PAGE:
Walking Coastal Landscapes Helps Survivors Break the Silence
Active Devon’s Tom Mack co-ordinates the Connecting Actively to Nature (CAN) programme, which includes the annual Naturally Healthy May campaign. Tom is passionate about the power of nature to inspire creativity and to heal. So, when Tom met Viv Gordon via a Zoom chat and then for a walk during May, he was really interested to find out more about her work and how it ties in with spending time in nature and walking.
The below article shares a powerful personal story and covers the topic of abuse, so may be triggering for some people.
Tell Us About You, Your Project and How it Relates to Being Naturally Healthy?
“I’m Viv Gordon – I’m an artist and survivor activist using creativity and my lived experience of childhood sexual abuse, (CSA) to break the silence and build a sense of community with other survivors. My project Restless is about walking on coastal landscapes; using that experience to write poems and songs that talk about survivor journeys – navigating challenging territory, being on the edge and the simple act of putting one foot in front of the other.
In May 2021, I’m walking just over 100 miles from Starcross to Plymouth on the South Devon Coast Path. During the walk I’ll be chatting to people about the project and sharing daily blogs.”
How Can Spending Time Walking and Connecting to Nature Help?
“Walking and being in nature has always been a place of solace and sanctuary for me; because of my story I can find houses quite stressful or triggering environments and I feel safest outside. Walking is my happy place – it calms my nervous system which has been thrown out of whack by trauma. Also, there is a very primal link between walking and activism – what do we do if we don’t like something? We walk out. How do we protest? We march.
Being in nature gives me a great sense of perspective, everything has its own cycles and flow, the adaptability is incredible – the image of a tree on a cliff top is a good example, battered by the wind it bends into new extraordinary shapes, but it is not broken.”
Is There a Particular Relevance of the Sea and the Coast?
“The idea of the powerful, restless sea as a metaphor for activism is at the heart of the project. The sea just keeps going – even when we fill it full of plastic or toxic stuff – it never stops and that continuous action is changing the landscape, sometimes slowly and imperceptibly and other times with dramatic rock falls. I’m not celebrating erosion just making a parallel. Activism, continuous collective action, changes the cultural landscape over time. That landscape is one which silences, shames and isolates survivors. I want us to be unstoppable in changing that.”
We Know That Nature and Being Active Can Stimulate Creativity, How Does That Help Survivors of CSA?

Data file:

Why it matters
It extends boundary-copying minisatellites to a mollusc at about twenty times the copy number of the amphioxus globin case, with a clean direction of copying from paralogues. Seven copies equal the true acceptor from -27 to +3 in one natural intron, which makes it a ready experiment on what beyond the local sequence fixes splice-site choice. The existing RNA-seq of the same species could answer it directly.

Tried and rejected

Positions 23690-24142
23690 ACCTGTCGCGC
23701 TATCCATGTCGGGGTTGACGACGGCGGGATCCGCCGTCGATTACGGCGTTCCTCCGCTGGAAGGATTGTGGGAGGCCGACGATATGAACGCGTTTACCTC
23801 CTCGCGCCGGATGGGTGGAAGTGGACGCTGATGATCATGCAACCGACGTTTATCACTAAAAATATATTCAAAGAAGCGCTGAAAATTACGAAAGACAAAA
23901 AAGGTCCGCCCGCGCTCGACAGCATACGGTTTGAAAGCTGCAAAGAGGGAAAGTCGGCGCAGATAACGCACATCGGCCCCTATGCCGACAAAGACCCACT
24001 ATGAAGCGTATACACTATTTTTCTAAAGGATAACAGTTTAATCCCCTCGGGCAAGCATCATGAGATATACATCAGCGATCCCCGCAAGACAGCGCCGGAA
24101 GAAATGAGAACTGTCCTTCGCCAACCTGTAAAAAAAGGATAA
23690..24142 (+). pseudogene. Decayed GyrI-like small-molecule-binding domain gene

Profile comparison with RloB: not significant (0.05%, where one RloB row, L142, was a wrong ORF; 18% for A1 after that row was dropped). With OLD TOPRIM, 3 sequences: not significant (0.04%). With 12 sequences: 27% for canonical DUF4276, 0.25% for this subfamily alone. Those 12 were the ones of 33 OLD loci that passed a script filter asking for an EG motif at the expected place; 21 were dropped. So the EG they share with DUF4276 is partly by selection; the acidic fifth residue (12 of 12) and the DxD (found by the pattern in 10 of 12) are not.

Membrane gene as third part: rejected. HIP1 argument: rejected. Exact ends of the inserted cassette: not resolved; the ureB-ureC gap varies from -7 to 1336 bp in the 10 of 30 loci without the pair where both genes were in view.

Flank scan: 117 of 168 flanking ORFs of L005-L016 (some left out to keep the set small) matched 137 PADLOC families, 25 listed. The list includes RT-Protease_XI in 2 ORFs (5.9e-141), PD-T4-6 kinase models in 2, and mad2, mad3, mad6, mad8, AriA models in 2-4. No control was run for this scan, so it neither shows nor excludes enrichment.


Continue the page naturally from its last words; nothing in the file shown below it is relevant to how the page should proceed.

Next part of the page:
“I can only talk for myself as everyone finds their own way through this journey. But it helps me so much…physical activity is my salvation. I live with ongoing mental health needs as a result of the abuse – walking brings me out of my head and into my body, helps me be more present in the now and connect to the beauty and simplicity of nature. Coupling that with creativity gives me a voice.
Survivors get very little airtime culturally. Because of stigma and taboo it can be really hard to find the words to talk about abuse and its impacts, which means we lack the language and frameworks through which we can understand and articulate how we feel about what has happened to us. Restless is all about using imagery from walking the coast path to uncover non-medical ways to think and talk about my experiences.”
Why is it Important for Survivors to Share Stories and Connect with Each Other?
“There are an estimated 11 million adult CSA survivors in the UK but because of the cultural silence that surrounds this, lots of survivors feel incredibly isolated. Whenever I talk or perform at an event, people come and whisper their “me too” in my ear – often I am the first person they have told. It’s really important that this changes. Living with secrets takes a huge toll on our mental and physical health. People live with huge amounts of shame and guilt but we didn’t do anything wrong. The fault is always with the perpetrator.
Finding ways to break the silence and come into community gives us a chance to understand our own experiences better, feel less alone and become more empowered as individuals and collectively.”
How Can People Get Involved and Support Restless?
“From the 13th-21st of May we walked from Starcross to Plymouth, to raise awareness of Restless, meet supporters and inspire creativity. We posted blogs, photos, videos and poems on our social media so we’d love people to watch and share those and keep in touch with the project. We want people to get involved in our campaign #MyLineInTheSand – drawing a line under the silencing of survivors. We’re inviting people to share messages of hope, rage or solidarity on social media using the hashtag. Words can be written in the sand or anywhere – outdoors we’ve seen people use seaweed, driftwood, leaves and pebbles but we’ve also had contributions made out of playdough, tomato ketchup on a plate and written on steamed up mirrors! It’s the words that matter! Anyone can get involved whether you’re a survivor, know a survivor or just care about the issue.”
Find out More
If you are a survivor and you need support then the following links might be helpful: